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4 Ways to Celebrate Antarctica Day (Dec. 1)

NASA's BARREL Mission launches 20 balloons.
NASA's BARREL Mission celebrates a balloon launch. Source:

Antarctica Day is nearly upon us, but you'd be forgiven if it's not on your calendar. The celebration started only a decade ago, and it's still coming into its own as a holiday. Antarctica Day is celebrated on December 1st to recognize the anniversary of the signing of the Antarctic Treaty 61 years ago. Thanks to the Treaty, Antarctica is still a place of peace, discovery, and wonder. There's a lot to celebrate, but how exactly?

There aren't any longstanding Antarctica Day traditions, but we've compiled a few suggestions. You can explore Antarctica through media, participate in Antarctica Day events, learn about Antarctica with lessons and activities, and commit to improving the future of Antarctica.

1. Explore

You won't have time to make it to the Ice before Dec. 1st, but luckily there's a wealth of ways to explore the continent from your armchair. Here are a few of our favorites.


If you're interested in seeing some of Antarctica's natural wonders, few docu-series compare to BBC's Frozen Planet. If you're curious about the human side of things, Antarctica: A Year on Ice gives an intimate look at life at an Antarctic base. If documentaries aren't your style, The Thing is a classic 80's sci-fi horror that holds a special place in Antarctic tradition. For a family-friendly alternative, check out Disney's Eight Below.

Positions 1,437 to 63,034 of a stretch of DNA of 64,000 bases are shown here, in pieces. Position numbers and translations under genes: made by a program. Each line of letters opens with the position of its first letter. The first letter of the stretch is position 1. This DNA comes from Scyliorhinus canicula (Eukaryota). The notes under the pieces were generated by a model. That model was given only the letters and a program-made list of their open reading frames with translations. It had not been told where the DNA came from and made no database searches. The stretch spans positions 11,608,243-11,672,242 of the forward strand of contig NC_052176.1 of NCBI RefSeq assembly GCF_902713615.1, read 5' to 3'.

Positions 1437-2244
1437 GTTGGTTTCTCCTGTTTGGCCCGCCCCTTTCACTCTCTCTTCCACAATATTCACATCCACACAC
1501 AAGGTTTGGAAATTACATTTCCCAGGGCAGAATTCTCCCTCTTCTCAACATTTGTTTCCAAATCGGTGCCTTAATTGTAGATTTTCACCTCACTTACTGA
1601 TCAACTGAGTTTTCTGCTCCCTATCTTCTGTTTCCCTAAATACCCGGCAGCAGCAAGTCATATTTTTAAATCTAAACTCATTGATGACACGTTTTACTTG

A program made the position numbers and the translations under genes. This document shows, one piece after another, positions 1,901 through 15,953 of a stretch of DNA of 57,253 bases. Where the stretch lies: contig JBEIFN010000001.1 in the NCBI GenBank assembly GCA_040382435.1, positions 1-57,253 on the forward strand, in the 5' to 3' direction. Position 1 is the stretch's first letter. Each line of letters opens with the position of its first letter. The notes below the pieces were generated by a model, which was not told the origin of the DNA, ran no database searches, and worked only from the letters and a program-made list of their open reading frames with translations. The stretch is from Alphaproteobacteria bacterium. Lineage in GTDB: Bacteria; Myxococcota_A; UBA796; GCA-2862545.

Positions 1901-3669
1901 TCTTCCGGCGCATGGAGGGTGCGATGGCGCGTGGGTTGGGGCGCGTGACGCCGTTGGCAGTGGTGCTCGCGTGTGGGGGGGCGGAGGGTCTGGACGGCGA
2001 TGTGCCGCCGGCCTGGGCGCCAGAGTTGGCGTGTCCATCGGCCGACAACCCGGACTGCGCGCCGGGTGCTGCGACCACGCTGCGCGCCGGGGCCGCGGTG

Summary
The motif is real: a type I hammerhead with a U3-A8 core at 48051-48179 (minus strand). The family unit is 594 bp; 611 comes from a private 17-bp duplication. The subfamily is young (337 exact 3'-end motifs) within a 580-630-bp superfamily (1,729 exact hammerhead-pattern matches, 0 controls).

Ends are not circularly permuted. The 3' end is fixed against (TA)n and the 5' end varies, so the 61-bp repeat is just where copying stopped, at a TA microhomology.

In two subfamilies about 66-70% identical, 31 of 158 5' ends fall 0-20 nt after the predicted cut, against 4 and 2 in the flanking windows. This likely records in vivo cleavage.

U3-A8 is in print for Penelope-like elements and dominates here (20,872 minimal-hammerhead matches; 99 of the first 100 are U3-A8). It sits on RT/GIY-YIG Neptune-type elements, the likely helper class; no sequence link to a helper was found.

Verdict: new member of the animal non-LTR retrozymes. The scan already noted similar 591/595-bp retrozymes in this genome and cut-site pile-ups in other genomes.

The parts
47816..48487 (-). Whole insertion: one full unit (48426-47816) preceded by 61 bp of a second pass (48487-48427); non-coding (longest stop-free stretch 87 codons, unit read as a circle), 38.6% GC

The Worst Journey in the World, a harrowing but inspiring book written by the youngest member of Scott's fatal expedition, stands out among the many first-hand accounts of Antarctic exploration. Endurance is another extraordinary tale from the Heroic Age of Exploration but told second-hand in a more accessible style. For a modern Antarctic book, we recommend Big Dead Place, a funny and frank look at life at an American Antarctic research station. If fiction is more your speed, try Chasing the Light, a fictionalized account of the first women to set foot on the continent.


If you're curious about Antarctic history, Ice Coffee is a detailed (if sometimes profanity-laden) podcast with a back-catalog large enough to keep you entertained for months. For podcasts that deal with the present and future of the continent, take a listen to the entertaining interviews on A Voyage to Antarctica and Antarctica Unfrozen. (A new season of Antarctica Unfrozen will launch on Antarctica Day.)

2. Participate

Like with everything else, COVID-19 has put a damper on Antarctica Day events. Although there are fewer goings-on than usual, the good news is that you can participate in the events from anywhere in the world. For starters, you can join us in raising the True South flag of Antarctica in real life or online. (If you fly True South on your social media, be sure to tag us on Facebook or Instagram.)